15 CFC Games Played
1 CFC Goals
By Michael Roberts:
The process of appointing Collingwood’s first ever captain was a surprisingly messy one.
The subject was discussed at a players meeting at the Yarra Hotel on the morning of the team’s first practice game against the Clifton Football Club in April of 1892. The plan was to get changed there, elect a captain then walk to Victoria Park. But that seemingly simple task degenerated into fisticuffs, with two players reportedly coming to blows over the captaincy issue!
Still, it was Delahunty – formally named William Joseph but known widely as Joe or ‘Dilly’ – who was the man officially appointed as the first captain of the Collingwood Football Club.
His election seemed like a wise one at the time. Collingwood’s players in 1892 were woefully short on experience, and Delahunty had that in spades. He’d already enjoyed a fine career at Britannia in the 1880s, and in 1890 and 1891 had performed with distinction for Fitzroy in the VFA. He played mostly in defence for the ‘Roys, where his splendid high marking and long kicking proved to be great strengths.
He was a tough, doughty campaigner. One newspaper described his play as “vigorous and thoroughly efficient”, while another noted that he had “defended brilliantly”. The Fitzroy City Press, however, felt he was better suited to a role at half-forward, where he was moved midway during 1891.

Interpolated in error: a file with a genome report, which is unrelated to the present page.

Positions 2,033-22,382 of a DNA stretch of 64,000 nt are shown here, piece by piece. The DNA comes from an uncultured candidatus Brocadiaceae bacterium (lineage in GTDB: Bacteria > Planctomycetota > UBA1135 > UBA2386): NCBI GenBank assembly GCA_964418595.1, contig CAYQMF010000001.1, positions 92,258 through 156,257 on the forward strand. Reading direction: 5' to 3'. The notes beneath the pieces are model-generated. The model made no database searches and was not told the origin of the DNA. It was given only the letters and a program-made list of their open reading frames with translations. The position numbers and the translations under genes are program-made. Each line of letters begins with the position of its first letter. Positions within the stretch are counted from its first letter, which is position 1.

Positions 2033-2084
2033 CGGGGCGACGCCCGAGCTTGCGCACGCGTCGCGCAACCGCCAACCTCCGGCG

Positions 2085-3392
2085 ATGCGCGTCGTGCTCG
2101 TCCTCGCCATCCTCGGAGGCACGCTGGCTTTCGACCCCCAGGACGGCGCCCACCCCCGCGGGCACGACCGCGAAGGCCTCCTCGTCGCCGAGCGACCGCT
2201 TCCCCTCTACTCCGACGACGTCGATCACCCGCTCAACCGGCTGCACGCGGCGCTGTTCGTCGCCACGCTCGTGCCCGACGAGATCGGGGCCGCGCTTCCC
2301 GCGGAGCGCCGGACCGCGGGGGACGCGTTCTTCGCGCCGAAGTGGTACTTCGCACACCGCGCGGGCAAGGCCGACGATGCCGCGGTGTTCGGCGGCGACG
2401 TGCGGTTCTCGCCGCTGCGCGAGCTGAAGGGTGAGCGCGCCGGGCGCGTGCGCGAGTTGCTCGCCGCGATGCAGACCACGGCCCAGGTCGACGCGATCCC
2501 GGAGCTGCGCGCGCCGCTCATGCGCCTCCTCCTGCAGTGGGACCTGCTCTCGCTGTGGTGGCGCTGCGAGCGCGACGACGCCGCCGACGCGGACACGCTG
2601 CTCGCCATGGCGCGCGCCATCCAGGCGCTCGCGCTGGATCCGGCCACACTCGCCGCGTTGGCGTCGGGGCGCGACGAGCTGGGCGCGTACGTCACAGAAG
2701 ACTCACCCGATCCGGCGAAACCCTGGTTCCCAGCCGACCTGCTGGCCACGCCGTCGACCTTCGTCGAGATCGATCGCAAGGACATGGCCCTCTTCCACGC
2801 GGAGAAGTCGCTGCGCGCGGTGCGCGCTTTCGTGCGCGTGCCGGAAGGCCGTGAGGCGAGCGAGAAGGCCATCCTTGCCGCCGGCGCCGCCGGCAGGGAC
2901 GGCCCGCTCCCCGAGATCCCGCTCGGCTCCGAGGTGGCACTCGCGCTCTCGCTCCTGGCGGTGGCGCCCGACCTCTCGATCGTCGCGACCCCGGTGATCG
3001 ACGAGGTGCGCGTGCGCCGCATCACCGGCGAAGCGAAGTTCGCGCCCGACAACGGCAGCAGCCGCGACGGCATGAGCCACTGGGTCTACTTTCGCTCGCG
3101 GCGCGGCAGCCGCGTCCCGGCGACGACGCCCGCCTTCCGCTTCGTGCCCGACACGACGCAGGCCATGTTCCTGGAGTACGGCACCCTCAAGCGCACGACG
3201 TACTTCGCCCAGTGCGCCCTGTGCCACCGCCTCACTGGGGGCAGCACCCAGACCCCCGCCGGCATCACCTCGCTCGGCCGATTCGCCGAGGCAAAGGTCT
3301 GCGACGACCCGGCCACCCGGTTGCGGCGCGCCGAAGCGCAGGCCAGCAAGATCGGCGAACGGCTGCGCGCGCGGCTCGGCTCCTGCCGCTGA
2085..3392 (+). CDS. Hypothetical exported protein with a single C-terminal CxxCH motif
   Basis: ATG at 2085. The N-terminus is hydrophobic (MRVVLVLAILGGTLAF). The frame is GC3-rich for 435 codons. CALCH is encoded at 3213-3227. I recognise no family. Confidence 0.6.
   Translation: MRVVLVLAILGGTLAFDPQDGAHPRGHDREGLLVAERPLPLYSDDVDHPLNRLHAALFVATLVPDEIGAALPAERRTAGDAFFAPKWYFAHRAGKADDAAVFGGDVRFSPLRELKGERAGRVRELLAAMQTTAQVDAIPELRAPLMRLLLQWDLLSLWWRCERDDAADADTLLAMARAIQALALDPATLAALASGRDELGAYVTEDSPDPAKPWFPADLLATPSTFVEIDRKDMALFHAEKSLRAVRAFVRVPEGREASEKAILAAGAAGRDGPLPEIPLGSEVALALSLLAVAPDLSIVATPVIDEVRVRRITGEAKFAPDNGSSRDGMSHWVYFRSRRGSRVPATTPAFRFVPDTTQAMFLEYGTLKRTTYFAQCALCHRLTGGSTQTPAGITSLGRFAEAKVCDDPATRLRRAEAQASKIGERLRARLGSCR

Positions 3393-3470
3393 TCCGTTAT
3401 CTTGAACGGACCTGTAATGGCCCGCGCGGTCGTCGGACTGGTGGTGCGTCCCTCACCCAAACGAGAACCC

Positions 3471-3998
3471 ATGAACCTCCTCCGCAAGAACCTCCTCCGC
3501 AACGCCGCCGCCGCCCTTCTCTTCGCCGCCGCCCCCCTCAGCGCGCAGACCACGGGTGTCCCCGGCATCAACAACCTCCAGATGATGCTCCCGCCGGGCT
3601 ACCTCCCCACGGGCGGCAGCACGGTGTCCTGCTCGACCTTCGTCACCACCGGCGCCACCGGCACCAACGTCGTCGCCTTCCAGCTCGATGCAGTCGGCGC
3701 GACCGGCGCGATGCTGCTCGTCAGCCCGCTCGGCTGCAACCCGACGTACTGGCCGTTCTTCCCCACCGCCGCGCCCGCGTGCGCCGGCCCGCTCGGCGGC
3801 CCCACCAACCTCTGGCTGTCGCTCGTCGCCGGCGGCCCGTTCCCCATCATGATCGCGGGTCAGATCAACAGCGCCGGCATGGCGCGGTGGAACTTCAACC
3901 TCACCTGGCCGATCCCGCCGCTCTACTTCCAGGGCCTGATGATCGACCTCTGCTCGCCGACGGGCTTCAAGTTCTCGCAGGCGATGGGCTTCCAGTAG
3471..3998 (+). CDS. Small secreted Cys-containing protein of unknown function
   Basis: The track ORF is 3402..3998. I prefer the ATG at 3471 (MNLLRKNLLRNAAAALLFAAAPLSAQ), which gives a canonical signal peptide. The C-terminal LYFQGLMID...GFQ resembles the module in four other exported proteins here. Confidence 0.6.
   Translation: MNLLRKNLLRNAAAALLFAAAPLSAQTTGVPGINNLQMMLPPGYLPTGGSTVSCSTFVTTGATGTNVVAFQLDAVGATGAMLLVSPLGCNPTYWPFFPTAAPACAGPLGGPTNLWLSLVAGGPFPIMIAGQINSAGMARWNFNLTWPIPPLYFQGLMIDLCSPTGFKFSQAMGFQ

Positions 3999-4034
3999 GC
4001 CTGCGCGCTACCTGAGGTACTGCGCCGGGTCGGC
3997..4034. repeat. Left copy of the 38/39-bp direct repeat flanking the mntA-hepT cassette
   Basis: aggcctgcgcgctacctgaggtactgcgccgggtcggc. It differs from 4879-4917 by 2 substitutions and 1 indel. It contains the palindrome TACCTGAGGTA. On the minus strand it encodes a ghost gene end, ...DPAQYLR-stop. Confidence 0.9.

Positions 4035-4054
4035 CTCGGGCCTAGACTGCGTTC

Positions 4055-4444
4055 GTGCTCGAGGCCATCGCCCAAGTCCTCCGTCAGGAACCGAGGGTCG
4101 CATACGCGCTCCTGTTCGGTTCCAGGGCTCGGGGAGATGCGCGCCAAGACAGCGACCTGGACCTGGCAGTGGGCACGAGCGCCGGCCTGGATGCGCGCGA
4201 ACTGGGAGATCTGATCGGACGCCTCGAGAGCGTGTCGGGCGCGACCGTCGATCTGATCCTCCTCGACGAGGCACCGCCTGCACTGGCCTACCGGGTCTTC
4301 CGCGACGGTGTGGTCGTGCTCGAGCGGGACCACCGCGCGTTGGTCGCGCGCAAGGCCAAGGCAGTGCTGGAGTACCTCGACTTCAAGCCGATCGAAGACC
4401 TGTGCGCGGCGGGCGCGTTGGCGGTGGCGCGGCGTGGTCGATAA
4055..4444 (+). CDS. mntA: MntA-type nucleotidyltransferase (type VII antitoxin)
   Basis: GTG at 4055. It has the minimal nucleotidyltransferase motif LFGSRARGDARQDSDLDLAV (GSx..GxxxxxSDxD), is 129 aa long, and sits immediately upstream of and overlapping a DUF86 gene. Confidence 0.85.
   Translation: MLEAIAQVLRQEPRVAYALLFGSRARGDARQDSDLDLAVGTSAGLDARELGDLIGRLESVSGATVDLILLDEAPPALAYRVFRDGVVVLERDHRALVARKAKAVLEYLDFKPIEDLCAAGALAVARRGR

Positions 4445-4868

At Collingwood, after being chosen as skipper, he missed the first five games of the season through illness. He made his debut against Richmond in Round 6, but then missed the next two games as well. It really wasn’t an auspicious start to his Collingwood career.
Things improved thereafter and he played the rest of the year, mostly at centre half-forward or in the centre. He even kicked a rare goal in one of the last games of the season.
But the truth was his career at the highest level was coming to an end. Collingwood had wanted his experience but his age began to tell. After a promising start in 1893 – newspapers reported that he was being considered for selection in the Victorian intercolonial team against Tasmania – he once again fell ill and had to withdraw. He managed only one more game before returning to junior ranks, first with Collingwood Juniors and then with Brunswick (he was a Fitzroy/Brunswick local).
He maintained a high level there, and even represented the Combined Juniors team against Essendon in 1895. At the start of that year he asked to address the committee of the Brunswick Football Club and promised them a grand future, complete with lights to be installed at the Brunswick Cricket Ground. He also promised he would take them all on a trip to Footscray if they won the flag that year! He stayed involved in local football and cricket (he was a handy all-rounder) until the turn of the century.
Joe Delahunty had already played his best football by the time he got to Collingwood. But that didn’t stop him securing a place in the history books that nobody was ever able to take away.
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* Player statistics include VFA (Victorian Football Association) results.